How do we prepare for a future where people are more frequently affected by natural disasters?


Hundreds of natural disasters happen around the world each year. New Zealand’s geographic positioning and general isolation means that we are more vulnerable than most to potential events. 

The 2010 and 2011 Canterbury Earthquakes cost New Zealand $30 billion, equaling 20% of our countries GDP. Cyclone Gita and Fehi caused over $81 million  of destruction during their six-week siege of New Zealand’s west coast. And, the Pigeon Valley Wildfire lasted three weeks and burned through thousands of hectares of land.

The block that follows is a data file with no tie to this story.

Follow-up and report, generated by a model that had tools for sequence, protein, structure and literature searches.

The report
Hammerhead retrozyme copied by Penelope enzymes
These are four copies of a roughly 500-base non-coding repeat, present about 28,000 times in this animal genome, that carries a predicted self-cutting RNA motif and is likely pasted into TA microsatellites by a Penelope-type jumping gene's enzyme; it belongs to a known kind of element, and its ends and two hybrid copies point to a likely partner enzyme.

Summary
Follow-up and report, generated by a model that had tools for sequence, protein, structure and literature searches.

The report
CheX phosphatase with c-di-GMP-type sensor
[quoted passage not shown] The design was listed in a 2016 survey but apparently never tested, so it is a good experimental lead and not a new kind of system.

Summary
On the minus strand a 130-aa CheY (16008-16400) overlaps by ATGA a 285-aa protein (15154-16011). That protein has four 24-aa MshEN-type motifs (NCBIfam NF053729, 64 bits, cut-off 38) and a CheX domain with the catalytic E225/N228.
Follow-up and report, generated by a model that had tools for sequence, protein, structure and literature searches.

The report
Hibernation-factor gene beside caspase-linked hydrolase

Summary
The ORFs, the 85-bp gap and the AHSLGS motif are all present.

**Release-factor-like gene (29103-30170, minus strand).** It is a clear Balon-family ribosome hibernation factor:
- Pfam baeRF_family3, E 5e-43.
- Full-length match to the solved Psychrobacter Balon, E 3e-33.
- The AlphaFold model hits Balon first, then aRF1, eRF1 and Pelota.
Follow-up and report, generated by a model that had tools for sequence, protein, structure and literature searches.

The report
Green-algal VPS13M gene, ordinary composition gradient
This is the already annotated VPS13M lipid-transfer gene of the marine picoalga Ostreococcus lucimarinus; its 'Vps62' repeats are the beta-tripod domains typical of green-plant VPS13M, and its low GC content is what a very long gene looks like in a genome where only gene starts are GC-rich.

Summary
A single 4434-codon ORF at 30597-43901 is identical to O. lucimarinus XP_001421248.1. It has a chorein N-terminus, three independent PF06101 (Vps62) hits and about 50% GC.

In most instances, we cannot foresee natural disasters. However, we can prepare our infrastructure and built spaces to ensure that damage and civilian safety is controlled.

The design of infrastructure to withstand earthquake forces is one area in which we have research competence and specialist equipment.

Human resilience is another and our work within the Natural Hazards Research Platform investigates the behaviours and social economics of how New Zealand communities respond to and recover from the impacts of a natural disaster, including the use of social media in emergency management.

In this field we work with emergency managers, planners, policy makers, business and community organisations, and infrastructure owners.

 Related: